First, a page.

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Little Things Mean Alot

A little sun, some grass seed and a cover of straw and look what we have created! Or rather, the earth has given forth and I am once again amazed at just what goodness the world can wrought.

Oh, I know growing grass is a little thing.

But that is what this story is about – the green green grass growing in our front garden!

And sometimes pictures speak louder than words.

Young at Heart

I was waiting to be called in to see the doctor re BigFoot (now on the opposite foot!) Feeling sorry for myself too, out in public in the middle of a pandemic, masked among other anonymously masked people.

On top of the doom and gloom mood I was in, it was raining hard and I wasn’t feeling a bit cozy even though I was dry.

Then a beautifully dressed woman came in. She was maybe in her 60’s. And with her was a little stooped man, also impeccably dressed. He looked like an English magazine ad for what to wear to look prosperously elegant.

“What an interesting duo,” I thought.

They went to the reception counter where the little man was asked his birth date. Around here in Virginia’s medical communities we seem to be known more for our birthdates than for our names. Anyway, here was the little man’s answer:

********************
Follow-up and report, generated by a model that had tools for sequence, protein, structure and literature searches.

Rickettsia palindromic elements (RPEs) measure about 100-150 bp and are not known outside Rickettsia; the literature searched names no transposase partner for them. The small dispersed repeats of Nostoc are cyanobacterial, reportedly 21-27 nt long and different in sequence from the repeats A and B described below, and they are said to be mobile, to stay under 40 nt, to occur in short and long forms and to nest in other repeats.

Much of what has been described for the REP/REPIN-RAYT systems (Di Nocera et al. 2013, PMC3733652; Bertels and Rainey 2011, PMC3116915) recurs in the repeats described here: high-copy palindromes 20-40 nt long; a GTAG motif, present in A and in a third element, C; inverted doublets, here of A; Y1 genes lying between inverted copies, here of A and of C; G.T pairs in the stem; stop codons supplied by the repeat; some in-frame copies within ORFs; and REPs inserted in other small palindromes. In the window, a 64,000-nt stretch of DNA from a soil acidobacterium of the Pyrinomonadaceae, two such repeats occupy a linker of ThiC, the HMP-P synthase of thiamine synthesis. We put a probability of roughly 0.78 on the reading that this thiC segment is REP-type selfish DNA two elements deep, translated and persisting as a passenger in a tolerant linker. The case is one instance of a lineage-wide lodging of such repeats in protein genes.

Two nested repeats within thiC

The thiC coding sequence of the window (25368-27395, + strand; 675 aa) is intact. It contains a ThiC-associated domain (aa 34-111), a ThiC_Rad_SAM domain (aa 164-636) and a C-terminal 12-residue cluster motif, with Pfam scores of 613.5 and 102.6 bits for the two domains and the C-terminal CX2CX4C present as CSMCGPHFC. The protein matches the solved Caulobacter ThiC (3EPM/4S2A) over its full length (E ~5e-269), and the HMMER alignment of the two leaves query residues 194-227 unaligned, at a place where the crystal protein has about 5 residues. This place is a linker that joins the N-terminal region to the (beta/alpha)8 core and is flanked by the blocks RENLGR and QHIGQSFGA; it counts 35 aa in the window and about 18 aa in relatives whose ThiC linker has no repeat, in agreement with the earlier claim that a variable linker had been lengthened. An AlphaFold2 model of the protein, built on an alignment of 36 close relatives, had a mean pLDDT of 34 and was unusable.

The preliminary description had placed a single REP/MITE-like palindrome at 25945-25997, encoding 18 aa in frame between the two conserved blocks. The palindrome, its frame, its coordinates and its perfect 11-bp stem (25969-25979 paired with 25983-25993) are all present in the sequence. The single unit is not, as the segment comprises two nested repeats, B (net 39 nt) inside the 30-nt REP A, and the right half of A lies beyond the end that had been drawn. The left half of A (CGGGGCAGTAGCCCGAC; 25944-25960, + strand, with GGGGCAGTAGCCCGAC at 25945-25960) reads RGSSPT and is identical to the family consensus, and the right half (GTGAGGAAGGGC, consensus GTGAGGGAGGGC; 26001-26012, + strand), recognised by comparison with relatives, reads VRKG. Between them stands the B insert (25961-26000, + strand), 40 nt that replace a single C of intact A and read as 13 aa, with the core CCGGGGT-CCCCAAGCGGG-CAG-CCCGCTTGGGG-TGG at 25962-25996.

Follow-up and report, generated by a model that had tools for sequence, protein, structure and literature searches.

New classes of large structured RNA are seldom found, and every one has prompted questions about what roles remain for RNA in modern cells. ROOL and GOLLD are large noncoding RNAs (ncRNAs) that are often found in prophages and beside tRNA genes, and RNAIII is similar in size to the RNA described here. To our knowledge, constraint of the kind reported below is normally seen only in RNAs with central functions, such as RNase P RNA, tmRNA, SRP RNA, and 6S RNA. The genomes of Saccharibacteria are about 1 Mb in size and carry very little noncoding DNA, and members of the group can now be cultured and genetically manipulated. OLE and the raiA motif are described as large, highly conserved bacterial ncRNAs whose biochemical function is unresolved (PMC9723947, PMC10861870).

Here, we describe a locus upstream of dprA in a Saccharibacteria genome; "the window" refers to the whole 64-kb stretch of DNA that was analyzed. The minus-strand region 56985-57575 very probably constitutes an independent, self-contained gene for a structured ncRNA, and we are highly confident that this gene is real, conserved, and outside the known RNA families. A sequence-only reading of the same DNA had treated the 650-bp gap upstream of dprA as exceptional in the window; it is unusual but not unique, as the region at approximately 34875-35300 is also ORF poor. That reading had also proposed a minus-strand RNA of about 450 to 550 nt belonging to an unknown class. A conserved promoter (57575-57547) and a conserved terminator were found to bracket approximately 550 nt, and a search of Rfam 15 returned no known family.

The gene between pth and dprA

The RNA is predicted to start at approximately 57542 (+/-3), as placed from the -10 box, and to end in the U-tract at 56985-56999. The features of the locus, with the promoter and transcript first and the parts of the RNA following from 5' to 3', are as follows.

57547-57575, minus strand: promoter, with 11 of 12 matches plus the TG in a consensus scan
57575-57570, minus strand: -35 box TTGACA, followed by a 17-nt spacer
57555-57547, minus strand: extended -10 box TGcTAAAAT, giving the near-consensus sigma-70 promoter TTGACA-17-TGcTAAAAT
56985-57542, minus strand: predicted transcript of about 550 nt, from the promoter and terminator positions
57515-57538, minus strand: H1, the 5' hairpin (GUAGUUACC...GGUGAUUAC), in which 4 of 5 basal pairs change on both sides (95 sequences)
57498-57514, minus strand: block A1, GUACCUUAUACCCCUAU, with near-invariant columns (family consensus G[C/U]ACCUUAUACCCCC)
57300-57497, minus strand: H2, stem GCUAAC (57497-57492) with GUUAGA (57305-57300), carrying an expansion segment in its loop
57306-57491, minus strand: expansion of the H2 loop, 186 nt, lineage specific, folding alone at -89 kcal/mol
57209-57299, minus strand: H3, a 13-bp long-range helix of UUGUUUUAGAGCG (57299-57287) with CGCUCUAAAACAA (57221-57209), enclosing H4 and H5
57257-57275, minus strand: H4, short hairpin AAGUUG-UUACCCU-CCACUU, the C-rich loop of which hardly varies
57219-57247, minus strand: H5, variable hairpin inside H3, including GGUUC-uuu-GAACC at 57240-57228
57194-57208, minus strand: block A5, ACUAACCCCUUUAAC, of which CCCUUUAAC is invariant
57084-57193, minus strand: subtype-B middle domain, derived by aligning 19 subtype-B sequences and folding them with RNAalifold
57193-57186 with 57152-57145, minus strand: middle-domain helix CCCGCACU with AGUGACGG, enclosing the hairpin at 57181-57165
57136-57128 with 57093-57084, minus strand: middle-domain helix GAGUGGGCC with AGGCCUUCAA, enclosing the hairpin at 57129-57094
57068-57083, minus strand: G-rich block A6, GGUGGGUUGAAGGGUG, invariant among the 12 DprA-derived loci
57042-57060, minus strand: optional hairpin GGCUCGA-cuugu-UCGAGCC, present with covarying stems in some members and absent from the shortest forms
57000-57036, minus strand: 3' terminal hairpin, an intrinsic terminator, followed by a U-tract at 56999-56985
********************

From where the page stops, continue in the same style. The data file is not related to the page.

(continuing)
“July 12, 1918 – I have been around for awhile.”

That makes him 102 years old!

And then he walked by me, looked down and said, “Good morning.” It was 2PM in the afternoon but so what? And I replied “Good morning to you.”

That encounter literally made my day, cheered me out of my doldrums and gave me hope. I have never met a 102 year old person, have you? What a wonder that was. And I could tell he must have been and probably still is great fun.

A people person. A man who lives for rainbows.

A man who is young at heart.